Shock Absorbers of the Spine….Are Your Discs Compressed or Healthy?
What Is Spinal Compression?
The spine is made up of a stack of bones called vertebrae, which are stacked one on top of the other. In between the bones are the cushion called the discs, which are gel-like structures that are mostly filled with water and are the shock absorbers of the spine. We have talked about the different ways injuries, lifting and twisting, along with postural imbalances can compress or squeeze down on a disc. One side of the disc having increased stress on it puts unequal pressure on the disc. Visualize a water balloon that is being pushed down on one side with your hand—the water is pushed to the other side, and the more pressure increases the likelihood hood that the balloon will eventually burst.
Discs operate in virtually the same way. This is how some patients develop a herniated or bulging disc with no history of acute injury. Gravity provides a daily stress on our spines. Studies show we are actually taller in the morning after lying down for several hours, which allows a decrease in pressure on your discs. By the end of the day, we experience gravitational compression. Over the years, chronic compression can dehydrate discs and, in our senior years, we will likely shrink.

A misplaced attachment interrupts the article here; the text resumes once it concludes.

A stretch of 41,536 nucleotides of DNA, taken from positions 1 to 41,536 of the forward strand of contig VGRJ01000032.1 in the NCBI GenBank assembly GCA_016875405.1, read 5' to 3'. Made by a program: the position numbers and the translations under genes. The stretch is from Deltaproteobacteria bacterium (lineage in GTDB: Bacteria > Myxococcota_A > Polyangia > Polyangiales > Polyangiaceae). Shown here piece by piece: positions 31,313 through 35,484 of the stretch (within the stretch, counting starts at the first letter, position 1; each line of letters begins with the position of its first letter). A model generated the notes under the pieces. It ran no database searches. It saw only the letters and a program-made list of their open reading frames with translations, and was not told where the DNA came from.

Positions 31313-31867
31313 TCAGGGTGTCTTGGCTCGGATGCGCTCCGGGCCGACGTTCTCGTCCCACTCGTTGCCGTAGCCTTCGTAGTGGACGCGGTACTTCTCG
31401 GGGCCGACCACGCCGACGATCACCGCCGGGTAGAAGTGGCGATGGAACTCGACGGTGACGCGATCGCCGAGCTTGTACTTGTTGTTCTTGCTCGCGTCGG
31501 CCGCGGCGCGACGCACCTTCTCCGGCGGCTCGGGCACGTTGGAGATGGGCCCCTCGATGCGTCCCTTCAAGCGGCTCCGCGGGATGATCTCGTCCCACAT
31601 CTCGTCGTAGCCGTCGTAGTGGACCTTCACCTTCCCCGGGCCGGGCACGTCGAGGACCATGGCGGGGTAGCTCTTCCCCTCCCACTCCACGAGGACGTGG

Treatment for Spinal Compression
Computerized spinal decompression therapy is just how it sounds—it decompresses the disc by reversing the effects of gravity. This is done by having the patient lie on a table, the lower back and upper half strapped to a machine, and then a computer is programmed to gently pull at a certain weight as it slowly stretches the lower back for a period of 10 to 30 minutes. Most patients nap while the treatment is in progress. The spinal decompression machine attempts to create some room and a vacuum-like suction in the area of disc compression to return to its normal position. That means pain relief. Space gives the painful or injured disc room to heal and repair itself.
I have had countless success with the spinal decompression table, as it is safe and effective, and it takes only 10 to 30 minutes a treatment. Many clinical studies demonstrate the lasting effects of decompression therapy. But what I consider even more valuable than clinical studies is what I have seen firsthand—back pain that has plagued patients for years totally disappear within a few minutes on the decompression table. Other cases reverse back pain after a couple weeks of treatment. When a patient is not responding, it is likely that other complicating factors, such as muscle imbalances or piriformis syndrome, have been overlooked. Computerized spinal decompression therapy is a valuable tool for treating the spine without drugs or surgery.
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